Are your coaching practices having a statistically significant effect on your clients?

This question is addressed by Sabine Junker, Martin Pommer, and Eva Traut-Mattausch in their article published in Coaching: An International Journal of Theory, Research and Practice. The authors set out to showcase the effect of coaching on cognitive appraisal and stress response.  The preliminary study found that cognitive-behavioral coaching appears to be effective in helping coached individuals develop strategies to deal with stress.

The authors want to create more evidence within the scientific literature of coaching to showcase the field’s ability to reduce stress in the general workplace. They cite a statistic from the International Labor Organization in 2018, which lists stress as the reason for 50-60% of all workday absences in Europe.

With this goal in mind, Junker et al., wanted their experimental study to showcase areas that coaching can be statistically shown to benefit workers.

The field experiment conducted by Junker et al. followed the following guidelines:

Participants: 44 college undergraduates, an experimental group that received coaching (n=24), and a control group that did not receive coaching (n=20).  

Independent Variable: The experimental group (n=24) received three coaching sessions lasting 120 minutes over a three week period.

Dependent Variable: Both the experimental group and control group completed questionnaires on cognitive-behavioral management and stress. These questionnaires served to show what differences, if any existed between the control group and experimental group.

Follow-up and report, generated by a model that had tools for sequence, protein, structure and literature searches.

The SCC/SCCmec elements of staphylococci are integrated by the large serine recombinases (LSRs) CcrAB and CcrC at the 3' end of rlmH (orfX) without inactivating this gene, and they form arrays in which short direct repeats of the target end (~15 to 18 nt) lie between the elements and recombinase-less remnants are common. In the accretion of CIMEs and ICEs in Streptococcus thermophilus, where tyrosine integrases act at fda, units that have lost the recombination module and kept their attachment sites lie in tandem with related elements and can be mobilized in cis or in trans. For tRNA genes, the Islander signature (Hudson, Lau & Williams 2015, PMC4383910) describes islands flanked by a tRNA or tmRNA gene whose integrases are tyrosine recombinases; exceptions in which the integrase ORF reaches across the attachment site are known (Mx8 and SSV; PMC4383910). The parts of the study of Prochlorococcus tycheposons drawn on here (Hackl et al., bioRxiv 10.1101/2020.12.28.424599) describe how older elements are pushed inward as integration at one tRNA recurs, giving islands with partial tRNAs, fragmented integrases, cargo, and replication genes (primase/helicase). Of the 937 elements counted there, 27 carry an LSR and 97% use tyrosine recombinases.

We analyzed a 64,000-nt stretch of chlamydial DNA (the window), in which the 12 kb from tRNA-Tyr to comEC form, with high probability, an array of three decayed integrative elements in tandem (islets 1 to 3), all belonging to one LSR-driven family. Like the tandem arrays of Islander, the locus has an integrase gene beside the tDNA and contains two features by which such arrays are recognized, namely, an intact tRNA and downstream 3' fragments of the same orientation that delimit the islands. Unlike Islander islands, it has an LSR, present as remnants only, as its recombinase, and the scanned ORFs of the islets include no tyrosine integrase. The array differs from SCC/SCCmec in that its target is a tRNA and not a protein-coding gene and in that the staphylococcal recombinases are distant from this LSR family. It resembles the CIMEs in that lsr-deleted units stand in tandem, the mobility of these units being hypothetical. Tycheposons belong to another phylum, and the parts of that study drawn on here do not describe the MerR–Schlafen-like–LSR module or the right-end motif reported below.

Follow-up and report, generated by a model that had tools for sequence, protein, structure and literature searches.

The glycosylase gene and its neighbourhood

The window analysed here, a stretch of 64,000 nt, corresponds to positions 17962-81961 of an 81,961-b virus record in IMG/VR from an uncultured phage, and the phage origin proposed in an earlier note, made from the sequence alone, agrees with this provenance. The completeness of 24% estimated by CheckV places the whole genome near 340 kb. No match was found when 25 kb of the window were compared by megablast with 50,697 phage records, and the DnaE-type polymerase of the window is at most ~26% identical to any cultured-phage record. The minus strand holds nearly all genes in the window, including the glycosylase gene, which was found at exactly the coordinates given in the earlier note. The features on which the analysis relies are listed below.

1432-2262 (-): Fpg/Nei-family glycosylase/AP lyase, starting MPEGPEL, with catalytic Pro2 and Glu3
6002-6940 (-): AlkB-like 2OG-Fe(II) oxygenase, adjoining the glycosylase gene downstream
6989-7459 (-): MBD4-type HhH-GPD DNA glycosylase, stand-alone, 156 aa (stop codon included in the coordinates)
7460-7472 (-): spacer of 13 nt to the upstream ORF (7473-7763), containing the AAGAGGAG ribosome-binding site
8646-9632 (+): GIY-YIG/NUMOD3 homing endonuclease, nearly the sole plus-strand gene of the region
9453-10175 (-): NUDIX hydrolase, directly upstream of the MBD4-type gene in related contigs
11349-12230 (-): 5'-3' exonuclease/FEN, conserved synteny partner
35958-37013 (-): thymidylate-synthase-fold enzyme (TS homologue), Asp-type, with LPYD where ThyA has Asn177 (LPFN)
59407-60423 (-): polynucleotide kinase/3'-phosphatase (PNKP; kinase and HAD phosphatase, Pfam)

What are the measurable results of the study by Junker et al.?

Although some of their hypotheses did not receive enough statistical support to be viable, the field study did result in some significant evidence for coaches. The results showcase that individuals within the coaching group reported experiencing less stress than their non-coached counterparts several weeks into their goal development course.

This difference is significant in showcasing how coaches are able to reduce the stress clients experience when working on attaining personal and professional goals.

What does this research mean for coaches?

It is important to recognize the value coaching can provide to a client’s life in terms of stress reduction. Many studies have showcased how stress is detrimental not only for a companies’ bottom line, but also for an individual’s health and wellness. By staying current in the coaching research, coaches can discover that their work is making statistically significant differences in their clients’ lives, and they can keep track of what coaching processes may be the most beneficial.

If you have clients worried about stress in 2021, coaching can be a beneficial tool in reducing that concern.

IOC's Tips of the Week are authored by Austin Matzelle